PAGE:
Steve Watt Yeah, I want to be in the consideration set forever. Absolutely. Deal. Like that’s like foundational. And most companies are not in the consideration set for every relevant deal. And everyone agonizes over the deals that they lost, the active deals that they lost to their competitors. But they sometimes seem to be blind to all those deals that happened that you weren’t even in it, like you were not even in the consideration set.
Bill Sherman And you didn’t know it was happening.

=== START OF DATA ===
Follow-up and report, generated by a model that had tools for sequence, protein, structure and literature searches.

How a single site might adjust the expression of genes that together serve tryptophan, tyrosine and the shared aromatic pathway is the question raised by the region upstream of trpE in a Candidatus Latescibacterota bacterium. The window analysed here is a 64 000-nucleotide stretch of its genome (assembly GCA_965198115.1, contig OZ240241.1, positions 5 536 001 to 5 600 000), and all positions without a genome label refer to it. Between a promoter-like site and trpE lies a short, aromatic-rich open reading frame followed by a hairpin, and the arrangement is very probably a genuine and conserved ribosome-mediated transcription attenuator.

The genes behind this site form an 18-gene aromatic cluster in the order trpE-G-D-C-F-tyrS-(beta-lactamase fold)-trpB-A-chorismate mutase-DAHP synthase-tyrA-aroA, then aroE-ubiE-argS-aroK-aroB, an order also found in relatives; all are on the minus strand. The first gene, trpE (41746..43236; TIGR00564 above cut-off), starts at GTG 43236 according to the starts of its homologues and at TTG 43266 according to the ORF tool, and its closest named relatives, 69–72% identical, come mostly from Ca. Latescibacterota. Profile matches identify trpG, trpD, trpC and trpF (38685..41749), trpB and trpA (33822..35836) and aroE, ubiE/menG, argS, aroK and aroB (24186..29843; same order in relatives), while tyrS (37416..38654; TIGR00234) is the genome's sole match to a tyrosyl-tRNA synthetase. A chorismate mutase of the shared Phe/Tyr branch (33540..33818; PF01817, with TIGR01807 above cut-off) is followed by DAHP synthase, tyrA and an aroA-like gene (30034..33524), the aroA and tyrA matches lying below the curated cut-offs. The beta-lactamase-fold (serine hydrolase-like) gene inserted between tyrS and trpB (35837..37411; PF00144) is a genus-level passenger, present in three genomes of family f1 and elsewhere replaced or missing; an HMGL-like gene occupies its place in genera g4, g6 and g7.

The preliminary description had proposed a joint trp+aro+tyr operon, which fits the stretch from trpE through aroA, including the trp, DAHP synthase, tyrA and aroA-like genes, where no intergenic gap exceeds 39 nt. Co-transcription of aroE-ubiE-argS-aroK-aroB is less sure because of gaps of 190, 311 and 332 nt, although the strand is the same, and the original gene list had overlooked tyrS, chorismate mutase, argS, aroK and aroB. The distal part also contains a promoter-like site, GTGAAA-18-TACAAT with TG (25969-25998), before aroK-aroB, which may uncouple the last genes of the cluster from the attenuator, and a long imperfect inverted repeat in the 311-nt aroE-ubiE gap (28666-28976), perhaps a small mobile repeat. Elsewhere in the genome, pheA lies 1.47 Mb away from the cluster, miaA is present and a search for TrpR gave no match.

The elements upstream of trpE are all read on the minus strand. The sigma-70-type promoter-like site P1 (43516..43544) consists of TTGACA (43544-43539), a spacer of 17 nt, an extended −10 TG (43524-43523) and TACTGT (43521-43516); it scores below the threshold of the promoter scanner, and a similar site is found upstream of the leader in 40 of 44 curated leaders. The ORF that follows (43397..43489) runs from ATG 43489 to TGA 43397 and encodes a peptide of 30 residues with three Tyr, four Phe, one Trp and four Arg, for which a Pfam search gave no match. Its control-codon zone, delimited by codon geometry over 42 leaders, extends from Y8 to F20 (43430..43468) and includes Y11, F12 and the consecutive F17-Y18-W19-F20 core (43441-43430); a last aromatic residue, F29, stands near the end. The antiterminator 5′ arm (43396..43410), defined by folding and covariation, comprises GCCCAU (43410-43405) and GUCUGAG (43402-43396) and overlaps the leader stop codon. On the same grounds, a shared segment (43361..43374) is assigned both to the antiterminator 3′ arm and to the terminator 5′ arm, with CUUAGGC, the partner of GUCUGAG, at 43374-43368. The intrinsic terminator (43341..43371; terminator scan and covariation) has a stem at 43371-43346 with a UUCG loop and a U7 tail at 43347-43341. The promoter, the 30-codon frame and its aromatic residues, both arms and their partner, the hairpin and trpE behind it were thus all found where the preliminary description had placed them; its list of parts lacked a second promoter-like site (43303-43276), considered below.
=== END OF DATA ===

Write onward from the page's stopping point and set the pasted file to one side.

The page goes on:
Steve Watt You didn’t know what was happening. And they don’t even know you exist or they know you exist, but they don’t know you. You serve this need or this job to be done. That’s a bigger fail to me than to lose in a head-to-head because sometimes it’s okay that you lose and had to hide because you were not the right solution for that firm. And they did a proper due diligence, and they chose the other guy. And you know, that’s okay. Sometimes it’s not okay when important deals are going down and you’re not even in the consideration set. And why? Because you haven’t earned your way there by exactly what you’re saying if you’re only chasing. I love that the ambulance chasing idea, like if you’re only chasing like super hot active buyers and you and you’re ignoring everyone else, that’s a big missed opportunity. I mean, I want to earn my way. I’m say me as an individual, but also my firm and our way of thinking. I want to earn our way into the hearts and the minds of the right people in advance so that we get into the considerations, earns respect, respect, trust, actually have some kind of human rapport. We’re earning our way into the consideration set. So at least we’re going to get an A at bat. Great. But more than that, as you said, we’re helping shape the way they think. I mean, ask any sales leader. How do you feel about RFP? And they’ll all say the same thing. They hate it. Well, they hate them unless. Unless they get in front of them. Right. Yep. Yeah. So if I can get in front of it and help that firm write their RFP, then I love our space. Right. Right. It’s built for me. Right. But if I’m coming in late, I hate these. Well, I look at thought leadership. I public subject matter expertise, buyer centric social selling. I look at all of these as ways to help write that RFP at scale. If I can help to change the way the broader market understands the problem and the way they formulate potential solutions. And even though like the language that they use, the mental models that they use. If I can help them understand it and start to develop their assessment criteria in ways that lead to my product and my solution. Well, I am helping to write the RFP in advance at scale, and that’s going to boost my win rates and my deal sizes. It’s going to reduce my cycle time and everything.